There’s a section of Charlotte Bronte’s Jane Eyre that often gets glossed over in discussion, in favor of the novel’s central gothic romance. After Jane realizes her intended, Mr. Rochester, is a bigamist, with a mad wife in the attic, she runs away. She does this without much money, and quickly loses what money she does have — she finds herself utterly destitute, hungry, and exposed to the elements, wandering around the moor towns for days with almost no human contact except for begrudging, halfhearted charity.
Finally, she lies herself down on the earth, wishing to give up but unable to do so.
And I sank down where I stood, and hid my face against the ground. I lay still a while: the night-wind swept over the hill and over me, and died moaning in the distance; the rain fell fast, wetting me afresh to the skin. Could I but have stiffened to the still frost — the friendly numbness of death — it might have pelted on; I should not have felt it; but my yet living flesh shuddered at its chilling influence.
Rather than sheltering her, nature punishes her. But Jane was resolute. She chose this fate over her previous life in a prison of her womanhood, where she has been chained over and over to domineering men, and left powerless.
Of course, she’s saved from the brink, but not after being ill to the point of catatonic for weeks.
Jane’s short and harrowing journey into the semi-wilderness came to my mind this past month when I read two of 2014’s acclaimed, and arguably feminist, novels by women: Evie Wyld‘s All The Birds, Singing, and Catherine Lacey’s Nobody is Ever Missing. In Wyld’s novel, a woman named Jake leaves her very troubled past in Australia behind to raise sheep in remotest Britain, refusing human companionship in favor of her dog and her sheep for some time, for some shrouded reason that is slowly revealed. In Lacey’s book, which reads like an extended, feminist version of Bartelby the Scrivener, protagonist Elyria leaves her older husband in New York to hitchike through New Zealand, abandoning all nascent attachments she forms there, with, essentially, an “I’d prefer not to.”
Both novels are written in first person, like Jane Eyre, and both rather fearsomely stand on the brink of nihilism in their ideology — rescued by their own creative force. Unlike Jane, who becomes reconciled to society by inheriting money and marrying a maimed and widowed Rochester, the progress these contemporary heroines make towards reconciliation with the life they’ve spurned could be measured in mere inches — or arguably, goes backwards. To make another comparison, this ethos is not quite like Wild, in which Cheryl Strayed’s choice to leave for the wilderness helps her return to as a member of the human fellowship, healed. Yet the feminist principles found in Strayed’s book can also be found in these novels. They just rise the next level: there’s no point in ever going back, the message seems to be. There is nothing waiting for women in either place but pain. So the only choice left is to distance themselves emotionally from the whole damn world. As Daphne Merkin wrote of Lacey’s novel, in the New Yorker, her protagonist is the embodiment of Leslie Jamison’s idea of the post-wounded woman.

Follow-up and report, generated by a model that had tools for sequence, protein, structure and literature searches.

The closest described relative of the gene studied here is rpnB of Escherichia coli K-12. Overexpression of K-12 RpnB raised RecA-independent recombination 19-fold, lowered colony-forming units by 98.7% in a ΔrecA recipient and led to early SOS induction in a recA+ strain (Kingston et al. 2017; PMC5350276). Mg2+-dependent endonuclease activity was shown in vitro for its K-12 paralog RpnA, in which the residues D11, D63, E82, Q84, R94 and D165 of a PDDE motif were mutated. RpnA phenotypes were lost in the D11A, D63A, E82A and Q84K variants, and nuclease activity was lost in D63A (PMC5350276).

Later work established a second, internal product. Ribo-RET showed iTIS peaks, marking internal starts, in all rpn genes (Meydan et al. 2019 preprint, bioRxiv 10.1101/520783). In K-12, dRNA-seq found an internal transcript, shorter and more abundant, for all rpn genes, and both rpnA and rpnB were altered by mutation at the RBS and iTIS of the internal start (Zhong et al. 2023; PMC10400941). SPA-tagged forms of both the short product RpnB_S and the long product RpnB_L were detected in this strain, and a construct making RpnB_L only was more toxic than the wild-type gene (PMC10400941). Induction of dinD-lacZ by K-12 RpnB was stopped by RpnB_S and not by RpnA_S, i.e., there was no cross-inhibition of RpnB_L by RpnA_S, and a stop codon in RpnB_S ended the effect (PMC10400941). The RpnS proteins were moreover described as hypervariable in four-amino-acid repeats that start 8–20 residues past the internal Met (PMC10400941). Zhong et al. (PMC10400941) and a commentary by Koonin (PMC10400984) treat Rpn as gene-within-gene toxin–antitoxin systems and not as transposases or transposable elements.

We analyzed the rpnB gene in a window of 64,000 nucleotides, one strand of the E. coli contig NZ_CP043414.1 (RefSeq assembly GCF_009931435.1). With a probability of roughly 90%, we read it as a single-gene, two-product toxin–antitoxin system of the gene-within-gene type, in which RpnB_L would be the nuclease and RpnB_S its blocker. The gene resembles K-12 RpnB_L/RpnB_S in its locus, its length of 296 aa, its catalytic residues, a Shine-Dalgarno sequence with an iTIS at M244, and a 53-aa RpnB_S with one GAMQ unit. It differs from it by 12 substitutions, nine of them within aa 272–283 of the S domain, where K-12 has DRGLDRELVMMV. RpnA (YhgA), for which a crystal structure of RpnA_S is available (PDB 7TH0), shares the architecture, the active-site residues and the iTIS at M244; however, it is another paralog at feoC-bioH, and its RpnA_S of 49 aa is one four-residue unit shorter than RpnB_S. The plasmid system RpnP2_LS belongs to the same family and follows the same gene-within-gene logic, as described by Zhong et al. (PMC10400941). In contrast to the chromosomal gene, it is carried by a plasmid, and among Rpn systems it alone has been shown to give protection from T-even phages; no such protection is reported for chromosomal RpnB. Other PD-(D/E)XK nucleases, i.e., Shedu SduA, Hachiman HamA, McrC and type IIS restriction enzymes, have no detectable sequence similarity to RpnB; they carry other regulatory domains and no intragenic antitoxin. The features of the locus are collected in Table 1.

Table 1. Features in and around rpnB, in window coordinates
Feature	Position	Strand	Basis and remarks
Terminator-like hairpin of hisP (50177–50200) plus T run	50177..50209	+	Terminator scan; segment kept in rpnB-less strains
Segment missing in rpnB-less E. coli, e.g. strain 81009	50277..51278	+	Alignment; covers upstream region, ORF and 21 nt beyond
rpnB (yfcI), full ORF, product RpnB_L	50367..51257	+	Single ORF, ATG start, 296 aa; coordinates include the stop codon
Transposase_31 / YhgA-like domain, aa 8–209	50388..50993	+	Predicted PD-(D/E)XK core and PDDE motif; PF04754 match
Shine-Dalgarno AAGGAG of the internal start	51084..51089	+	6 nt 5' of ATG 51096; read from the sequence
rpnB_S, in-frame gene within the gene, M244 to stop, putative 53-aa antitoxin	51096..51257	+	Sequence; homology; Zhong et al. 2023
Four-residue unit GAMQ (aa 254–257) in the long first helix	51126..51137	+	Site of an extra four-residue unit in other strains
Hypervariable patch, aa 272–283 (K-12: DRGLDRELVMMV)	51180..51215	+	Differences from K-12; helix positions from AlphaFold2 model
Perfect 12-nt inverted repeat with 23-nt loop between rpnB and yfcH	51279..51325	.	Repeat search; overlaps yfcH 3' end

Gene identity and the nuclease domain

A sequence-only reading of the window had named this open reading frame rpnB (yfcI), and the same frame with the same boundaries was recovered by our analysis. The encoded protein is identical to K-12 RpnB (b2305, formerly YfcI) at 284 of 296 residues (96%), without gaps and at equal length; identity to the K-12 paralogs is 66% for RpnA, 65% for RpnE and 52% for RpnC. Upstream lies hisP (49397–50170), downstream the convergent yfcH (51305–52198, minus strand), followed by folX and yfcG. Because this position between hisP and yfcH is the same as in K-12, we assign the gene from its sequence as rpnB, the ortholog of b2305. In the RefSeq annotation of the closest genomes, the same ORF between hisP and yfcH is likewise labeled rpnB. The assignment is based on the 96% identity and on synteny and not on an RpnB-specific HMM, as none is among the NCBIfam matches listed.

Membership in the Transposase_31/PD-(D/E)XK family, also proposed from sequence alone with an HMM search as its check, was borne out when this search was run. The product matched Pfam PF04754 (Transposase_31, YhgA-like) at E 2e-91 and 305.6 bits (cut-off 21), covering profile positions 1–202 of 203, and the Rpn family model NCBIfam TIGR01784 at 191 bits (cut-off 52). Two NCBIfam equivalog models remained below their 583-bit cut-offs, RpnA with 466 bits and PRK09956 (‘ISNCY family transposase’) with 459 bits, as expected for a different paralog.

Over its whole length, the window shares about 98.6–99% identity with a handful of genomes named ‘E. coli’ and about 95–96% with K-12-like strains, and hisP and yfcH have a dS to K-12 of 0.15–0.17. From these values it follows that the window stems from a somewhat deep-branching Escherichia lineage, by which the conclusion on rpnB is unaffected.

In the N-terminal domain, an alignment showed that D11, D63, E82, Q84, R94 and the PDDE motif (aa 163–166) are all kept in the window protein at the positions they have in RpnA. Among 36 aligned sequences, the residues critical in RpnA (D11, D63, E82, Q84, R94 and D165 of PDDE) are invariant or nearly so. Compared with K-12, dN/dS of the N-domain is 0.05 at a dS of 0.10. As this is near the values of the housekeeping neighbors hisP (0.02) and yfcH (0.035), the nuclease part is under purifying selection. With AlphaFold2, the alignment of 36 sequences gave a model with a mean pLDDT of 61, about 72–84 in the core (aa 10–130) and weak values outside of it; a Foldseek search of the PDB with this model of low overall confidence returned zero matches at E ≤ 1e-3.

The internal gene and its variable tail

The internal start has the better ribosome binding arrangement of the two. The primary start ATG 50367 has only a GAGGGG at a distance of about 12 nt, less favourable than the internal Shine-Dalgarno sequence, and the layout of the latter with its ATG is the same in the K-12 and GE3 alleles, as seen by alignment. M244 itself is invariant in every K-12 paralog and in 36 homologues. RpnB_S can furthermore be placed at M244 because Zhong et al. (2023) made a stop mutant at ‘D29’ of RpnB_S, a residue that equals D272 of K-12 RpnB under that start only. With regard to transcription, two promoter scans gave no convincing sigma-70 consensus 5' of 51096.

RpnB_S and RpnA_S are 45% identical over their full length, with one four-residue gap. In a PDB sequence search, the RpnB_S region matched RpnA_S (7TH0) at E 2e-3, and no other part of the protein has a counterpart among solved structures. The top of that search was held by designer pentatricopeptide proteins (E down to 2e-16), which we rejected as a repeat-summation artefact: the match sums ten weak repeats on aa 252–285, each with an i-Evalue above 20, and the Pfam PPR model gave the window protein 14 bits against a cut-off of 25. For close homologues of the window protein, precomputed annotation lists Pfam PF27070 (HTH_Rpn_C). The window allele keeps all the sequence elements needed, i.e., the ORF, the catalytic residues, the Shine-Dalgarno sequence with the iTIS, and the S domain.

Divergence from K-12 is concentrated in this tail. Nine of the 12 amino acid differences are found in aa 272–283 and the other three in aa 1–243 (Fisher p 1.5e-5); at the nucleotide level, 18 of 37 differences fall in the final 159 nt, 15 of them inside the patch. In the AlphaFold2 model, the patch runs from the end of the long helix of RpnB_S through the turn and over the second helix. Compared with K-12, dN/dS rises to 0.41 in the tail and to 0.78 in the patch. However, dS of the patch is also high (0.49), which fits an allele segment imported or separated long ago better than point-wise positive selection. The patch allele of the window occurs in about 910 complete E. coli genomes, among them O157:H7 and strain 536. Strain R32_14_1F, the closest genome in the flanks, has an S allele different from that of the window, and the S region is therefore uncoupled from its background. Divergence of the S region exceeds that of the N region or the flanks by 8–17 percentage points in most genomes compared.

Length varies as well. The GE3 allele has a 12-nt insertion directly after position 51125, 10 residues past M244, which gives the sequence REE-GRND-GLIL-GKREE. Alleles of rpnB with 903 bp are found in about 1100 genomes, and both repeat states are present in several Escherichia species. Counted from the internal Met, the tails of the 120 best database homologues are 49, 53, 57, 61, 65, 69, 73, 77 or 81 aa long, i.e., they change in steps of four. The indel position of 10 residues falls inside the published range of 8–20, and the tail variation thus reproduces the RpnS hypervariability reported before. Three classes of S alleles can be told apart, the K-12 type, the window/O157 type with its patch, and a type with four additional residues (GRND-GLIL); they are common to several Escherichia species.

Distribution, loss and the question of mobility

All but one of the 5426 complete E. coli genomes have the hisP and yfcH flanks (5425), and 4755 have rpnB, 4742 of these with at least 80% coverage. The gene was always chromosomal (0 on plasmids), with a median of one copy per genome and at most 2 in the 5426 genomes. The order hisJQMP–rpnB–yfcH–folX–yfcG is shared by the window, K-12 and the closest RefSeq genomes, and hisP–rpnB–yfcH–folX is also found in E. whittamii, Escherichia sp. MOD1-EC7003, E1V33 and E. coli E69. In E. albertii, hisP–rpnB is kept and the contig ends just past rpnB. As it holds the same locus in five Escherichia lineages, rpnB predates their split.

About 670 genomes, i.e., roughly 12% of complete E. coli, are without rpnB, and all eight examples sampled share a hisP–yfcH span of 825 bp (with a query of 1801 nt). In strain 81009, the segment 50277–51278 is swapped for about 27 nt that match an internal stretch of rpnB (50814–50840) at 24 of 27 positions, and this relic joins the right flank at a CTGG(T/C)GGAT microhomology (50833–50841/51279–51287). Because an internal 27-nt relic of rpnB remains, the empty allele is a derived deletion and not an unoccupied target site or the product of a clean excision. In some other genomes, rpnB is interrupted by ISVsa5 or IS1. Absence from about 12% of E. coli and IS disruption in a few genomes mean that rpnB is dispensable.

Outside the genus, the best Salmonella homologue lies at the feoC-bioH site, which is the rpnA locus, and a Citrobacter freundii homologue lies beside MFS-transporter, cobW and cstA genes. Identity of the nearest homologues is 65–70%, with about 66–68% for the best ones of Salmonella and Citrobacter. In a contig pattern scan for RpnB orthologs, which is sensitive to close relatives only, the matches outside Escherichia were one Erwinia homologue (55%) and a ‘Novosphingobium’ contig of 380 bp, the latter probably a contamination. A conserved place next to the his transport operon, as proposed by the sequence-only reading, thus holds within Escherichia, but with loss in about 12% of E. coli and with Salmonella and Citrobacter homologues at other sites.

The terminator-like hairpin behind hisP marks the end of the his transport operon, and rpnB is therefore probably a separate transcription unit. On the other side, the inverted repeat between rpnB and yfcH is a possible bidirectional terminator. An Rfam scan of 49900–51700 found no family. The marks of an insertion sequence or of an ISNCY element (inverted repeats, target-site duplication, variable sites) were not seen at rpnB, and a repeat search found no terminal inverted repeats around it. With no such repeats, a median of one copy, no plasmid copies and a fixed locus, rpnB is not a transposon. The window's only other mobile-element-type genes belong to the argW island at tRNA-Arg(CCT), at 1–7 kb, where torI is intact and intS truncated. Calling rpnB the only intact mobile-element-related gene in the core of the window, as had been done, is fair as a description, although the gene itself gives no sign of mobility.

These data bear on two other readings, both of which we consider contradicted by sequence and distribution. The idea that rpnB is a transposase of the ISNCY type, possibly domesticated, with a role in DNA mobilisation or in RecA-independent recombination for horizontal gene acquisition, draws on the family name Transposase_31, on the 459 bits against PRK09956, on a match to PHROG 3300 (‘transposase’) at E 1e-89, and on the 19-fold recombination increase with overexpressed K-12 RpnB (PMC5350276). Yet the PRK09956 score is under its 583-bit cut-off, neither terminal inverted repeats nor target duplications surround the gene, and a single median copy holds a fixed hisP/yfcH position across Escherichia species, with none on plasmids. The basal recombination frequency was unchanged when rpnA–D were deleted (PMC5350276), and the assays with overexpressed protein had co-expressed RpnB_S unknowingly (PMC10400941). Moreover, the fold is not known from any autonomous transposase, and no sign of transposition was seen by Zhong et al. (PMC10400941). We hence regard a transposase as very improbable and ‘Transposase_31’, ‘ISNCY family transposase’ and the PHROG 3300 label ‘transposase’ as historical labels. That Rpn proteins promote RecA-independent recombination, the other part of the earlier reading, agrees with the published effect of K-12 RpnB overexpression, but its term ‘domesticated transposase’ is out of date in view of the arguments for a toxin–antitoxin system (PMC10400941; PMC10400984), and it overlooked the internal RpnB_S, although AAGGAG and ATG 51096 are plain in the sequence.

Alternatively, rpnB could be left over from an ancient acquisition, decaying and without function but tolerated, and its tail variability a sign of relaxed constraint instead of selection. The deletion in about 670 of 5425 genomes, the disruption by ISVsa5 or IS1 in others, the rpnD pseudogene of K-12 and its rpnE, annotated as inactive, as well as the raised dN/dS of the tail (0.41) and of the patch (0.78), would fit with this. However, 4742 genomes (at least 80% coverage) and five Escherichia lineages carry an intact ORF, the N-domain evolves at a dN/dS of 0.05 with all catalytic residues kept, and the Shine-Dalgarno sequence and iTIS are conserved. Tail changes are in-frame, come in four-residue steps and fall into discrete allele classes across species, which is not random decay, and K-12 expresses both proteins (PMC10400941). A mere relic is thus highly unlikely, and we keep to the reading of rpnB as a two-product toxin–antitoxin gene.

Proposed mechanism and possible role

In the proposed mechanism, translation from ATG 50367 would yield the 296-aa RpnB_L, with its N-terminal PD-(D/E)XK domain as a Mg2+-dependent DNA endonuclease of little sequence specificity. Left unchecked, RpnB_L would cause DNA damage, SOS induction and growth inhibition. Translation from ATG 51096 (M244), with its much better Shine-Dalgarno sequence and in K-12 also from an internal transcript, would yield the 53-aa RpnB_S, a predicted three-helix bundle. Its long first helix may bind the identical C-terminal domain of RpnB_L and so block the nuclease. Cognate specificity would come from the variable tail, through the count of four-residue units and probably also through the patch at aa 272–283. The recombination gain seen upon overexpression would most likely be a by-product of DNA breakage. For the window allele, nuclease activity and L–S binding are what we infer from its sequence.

While All the Birds, Singing works its way backwards and forwards towards a big reveal about Jake’s past and final, symbolic step towards her regained humanity at narrative’s end, the overall effect is bleakness and even horror. Meanwhile, Nobody Is Ever Missing offers us almost nothing in Elyria’s journey to give us hope for her. I admit that I found this very unsatisfying at first. But reading both novels back to back made me appreciate them far more than I would have otherwise, given that the traditionalist reader in me always likes to see more catharsis.
Yet since reading Wild, I have become deeply intrigued by the idea of dropping out, as it were, of civilization’s routines and expectations as a particular form of feminist rebellion, almost an ultimate feminist end-game. That’s because the most essentially building blocks of civilizations are families and romantic relationships.
Therefore, if relationships between women and men, and women and their families, are strained and forced into a position of inequality or unmet expectations by patriarchy, than brutal nature and utter solitude becomes a sensible refuge, an alternative. This is underscored by the fact that both novels do nothing to talk up nature, despite the poetic title of Wyld’s book. Rather, they are concerned mostly with the barbarism of other creatures, from the sting ray that attacks Elyria on a beach, to the large creature that is stalking and killing Jake’s sheep.
It occurs to me, with my only-partial knowledge of the full range of recent literary output, that this exploration of solitary self-segregation for women is a version of what adultery was in the 19th and early 20th century, a symbol of escape that is also a form of doom on its own. I’m fascinated and eager to see more literature in this vein that burrows into the concept of female detachment, so deeply, perhaps, that we can find something entirely new on the other side.